A man lies in bed wrapped up tightly in white sheets, looking afraid, whilst a man stands over him lecturing him, holding a book and wearing all black with a black cap. An assistant stands behind this doctor, holding an overly large clyster.
Honoré Victorin Daumier (1808-1879), Le Malade Imaginaire (The Hypochondriac), circa 1850, The Courtauld, London (Samuel Courtauld Trust) © The Courtauld

Le Malade Imaginaire (The Hypochondriac)

Honoré Daumier

Known for his acerbic caricatures, Honoré Daumier here loosely interprets a scene from the satirical play Le malade imaginaire (The Hypochondriac, 1673) by the French playwright Molière. Argan, the patient, is visited by Doctor Purgon, who lectures self-importantly at the bedside. Terrified, the miserable man, wearing a comical nightcap tightened by a blue ribbon, focuses his attention on the doctor’s assistant who holds an exaggeratedly large clyster, used to administer an enema. By framing the staged scene with a monumental curtain and spotlighting key elements, Daumier emphasizes the comical aspect of the drama.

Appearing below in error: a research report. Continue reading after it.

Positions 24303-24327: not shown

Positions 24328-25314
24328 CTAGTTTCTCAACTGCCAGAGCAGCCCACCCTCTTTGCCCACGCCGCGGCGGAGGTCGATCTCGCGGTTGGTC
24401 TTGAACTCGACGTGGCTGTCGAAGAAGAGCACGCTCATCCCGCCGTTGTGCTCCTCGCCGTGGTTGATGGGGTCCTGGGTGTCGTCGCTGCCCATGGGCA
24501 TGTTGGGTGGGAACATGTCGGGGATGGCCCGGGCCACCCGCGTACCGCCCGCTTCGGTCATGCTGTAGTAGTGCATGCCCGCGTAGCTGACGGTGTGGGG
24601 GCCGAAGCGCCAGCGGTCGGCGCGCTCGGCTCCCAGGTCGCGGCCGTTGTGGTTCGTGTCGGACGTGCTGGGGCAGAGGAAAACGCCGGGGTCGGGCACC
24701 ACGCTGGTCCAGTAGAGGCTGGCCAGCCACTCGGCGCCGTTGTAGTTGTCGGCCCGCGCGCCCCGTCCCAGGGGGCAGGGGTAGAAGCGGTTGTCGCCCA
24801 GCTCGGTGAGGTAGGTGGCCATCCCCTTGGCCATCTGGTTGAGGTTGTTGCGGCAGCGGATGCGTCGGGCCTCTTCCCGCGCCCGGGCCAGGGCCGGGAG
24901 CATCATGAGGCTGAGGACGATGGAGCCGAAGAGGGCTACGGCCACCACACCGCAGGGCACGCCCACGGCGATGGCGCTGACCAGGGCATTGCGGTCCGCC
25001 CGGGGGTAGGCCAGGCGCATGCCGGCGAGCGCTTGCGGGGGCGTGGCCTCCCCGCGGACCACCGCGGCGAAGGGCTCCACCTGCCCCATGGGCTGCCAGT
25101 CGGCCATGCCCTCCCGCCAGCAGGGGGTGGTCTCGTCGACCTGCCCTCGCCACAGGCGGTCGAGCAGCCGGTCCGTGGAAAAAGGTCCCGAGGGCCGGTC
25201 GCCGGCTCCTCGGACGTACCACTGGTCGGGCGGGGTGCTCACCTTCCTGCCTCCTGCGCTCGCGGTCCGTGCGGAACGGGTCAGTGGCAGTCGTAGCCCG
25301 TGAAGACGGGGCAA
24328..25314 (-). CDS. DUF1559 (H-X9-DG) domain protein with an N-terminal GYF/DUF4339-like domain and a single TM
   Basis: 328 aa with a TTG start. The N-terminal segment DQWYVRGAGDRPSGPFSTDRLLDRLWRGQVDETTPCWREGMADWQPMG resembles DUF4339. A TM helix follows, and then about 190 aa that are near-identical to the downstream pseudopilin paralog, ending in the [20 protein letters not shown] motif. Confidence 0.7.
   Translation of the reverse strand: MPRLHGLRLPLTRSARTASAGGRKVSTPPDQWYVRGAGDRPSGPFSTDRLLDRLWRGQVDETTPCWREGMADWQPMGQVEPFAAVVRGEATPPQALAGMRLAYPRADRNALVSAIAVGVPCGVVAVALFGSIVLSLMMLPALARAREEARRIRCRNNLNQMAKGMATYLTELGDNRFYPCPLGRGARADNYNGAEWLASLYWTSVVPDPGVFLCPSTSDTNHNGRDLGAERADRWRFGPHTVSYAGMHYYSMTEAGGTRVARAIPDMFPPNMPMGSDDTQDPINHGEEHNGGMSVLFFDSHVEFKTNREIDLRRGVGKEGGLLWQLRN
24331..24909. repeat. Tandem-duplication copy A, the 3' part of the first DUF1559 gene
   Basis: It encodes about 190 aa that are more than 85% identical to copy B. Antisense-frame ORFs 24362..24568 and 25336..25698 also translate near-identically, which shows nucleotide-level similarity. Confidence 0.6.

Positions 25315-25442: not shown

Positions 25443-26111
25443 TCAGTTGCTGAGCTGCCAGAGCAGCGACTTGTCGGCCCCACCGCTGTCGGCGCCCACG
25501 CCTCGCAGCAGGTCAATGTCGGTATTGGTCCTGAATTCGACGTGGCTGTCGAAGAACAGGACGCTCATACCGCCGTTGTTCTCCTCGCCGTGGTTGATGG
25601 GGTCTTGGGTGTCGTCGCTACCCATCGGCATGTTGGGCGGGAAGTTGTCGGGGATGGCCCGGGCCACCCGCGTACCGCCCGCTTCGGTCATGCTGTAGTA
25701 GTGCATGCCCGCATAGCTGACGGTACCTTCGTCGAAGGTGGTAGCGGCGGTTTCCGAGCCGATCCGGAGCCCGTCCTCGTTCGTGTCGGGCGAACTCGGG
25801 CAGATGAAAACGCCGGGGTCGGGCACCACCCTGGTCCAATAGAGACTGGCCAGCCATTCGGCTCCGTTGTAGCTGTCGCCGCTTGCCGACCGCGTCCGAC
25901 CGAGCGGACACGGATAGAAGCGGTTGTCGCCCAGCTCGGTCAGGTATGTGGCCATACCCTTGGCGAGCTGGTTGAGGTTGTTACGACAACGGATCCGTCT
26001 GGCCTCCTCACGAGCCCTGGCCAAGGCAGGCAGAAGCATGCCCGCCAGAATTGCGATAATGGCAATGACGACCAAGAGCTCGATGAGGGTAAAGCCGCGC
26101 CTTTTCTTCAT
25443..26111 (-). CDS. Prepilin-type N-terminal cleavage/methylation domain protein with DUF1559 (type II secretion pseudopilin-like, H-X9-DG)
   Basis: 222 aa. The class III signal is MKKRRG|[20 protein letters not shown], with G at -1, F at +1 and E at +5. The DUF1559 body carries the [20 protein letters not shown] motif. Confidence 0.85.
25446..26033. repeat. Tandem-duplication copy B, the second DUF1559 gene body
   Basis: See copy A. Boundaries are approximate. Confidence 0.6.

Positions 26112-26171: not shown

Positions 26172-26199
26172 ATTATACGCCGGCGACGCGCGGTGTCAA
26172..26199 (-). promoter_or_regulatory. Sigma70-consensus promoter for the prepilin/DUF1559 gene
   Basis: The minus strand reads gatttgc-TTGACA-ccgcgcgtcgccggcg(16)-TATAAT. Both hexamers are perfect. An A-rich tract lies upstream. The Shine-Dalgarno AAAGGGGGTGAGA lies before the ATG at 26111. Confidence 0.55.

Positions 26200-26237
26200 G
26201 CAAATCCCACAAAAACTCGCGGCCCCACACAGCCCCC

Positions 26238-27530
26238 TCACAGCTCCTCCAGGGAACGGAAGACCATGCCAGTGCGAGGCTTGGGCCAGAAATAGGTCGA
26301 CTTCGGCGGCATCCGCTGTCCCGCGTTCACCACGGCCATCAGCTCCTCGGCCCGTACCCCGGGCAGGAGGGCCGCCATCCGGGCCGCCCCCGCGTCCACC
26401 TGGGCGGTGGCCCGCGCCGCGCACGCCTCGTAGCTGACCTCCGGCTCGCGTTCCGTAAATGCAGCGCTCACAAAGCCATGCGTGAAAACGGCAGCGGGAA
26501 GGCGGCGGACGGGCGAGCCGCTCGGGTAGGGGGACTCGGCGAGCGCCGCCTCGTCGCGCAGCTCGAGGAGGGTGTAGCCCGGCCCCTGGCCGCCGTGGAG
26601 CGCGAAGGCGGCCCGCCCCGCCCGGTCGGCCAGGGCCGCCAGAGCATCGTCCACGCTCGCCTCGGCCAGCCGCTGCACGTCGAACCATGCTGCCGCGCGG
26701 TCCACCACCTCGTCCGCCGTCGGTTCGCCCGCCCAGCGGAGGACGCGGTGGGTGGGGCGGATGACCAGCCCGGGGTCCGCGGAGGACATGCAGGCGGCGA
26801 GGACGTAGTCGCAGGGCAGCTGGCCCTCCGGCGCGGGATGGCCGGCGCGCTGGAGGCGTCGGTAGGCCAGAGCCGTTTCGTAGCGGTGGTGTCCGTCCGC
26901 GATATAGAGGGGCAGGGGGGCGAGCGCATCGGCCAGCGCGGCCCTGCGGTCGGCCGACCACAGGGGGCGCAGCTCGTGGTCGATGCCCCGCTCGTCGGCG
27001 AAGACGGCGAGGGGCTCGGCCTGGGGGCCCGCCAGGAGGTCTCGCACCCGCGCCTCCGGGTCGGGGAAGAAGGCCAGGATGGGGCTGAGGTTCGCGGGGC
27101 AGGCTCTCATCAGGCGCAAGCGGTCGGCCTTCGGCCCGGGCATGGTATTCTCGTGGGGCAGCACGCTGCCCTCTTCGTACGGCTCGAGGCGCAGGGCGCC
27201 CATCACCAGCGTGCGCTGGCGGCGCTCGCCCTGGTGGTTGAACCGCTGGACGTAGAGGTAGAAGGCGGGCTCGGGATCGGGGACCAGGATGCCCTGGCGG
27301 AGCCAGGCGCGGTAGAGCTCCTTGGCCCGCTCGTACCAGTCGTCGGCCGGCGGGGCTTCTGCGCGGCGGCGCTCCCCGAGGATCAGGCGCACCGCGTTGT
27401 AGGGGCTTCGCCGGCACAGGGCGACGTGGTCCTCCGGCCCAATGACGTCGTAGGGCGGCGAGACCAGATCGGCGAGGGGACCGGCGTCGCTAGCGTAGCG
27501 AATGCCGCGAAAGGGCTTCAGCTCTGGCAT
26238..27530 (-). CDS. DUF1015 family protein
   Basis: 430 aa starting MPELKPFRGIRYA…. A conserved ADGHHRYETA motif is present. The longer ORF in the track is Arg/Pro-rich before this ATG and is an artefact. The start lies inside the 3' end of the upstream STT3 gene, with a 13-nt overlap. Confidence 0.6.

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Two men sit across from each other at a table covered with a brown tablecloth, playing cards. Both men wear overcoats and hats, and the man on the left smokes a pipe. They sit inside a wooden building. i Paul Cézanne (1839-1906) The Card Players, around 1892-96, The Courtauld, London (Samuel Courtauld Trust)

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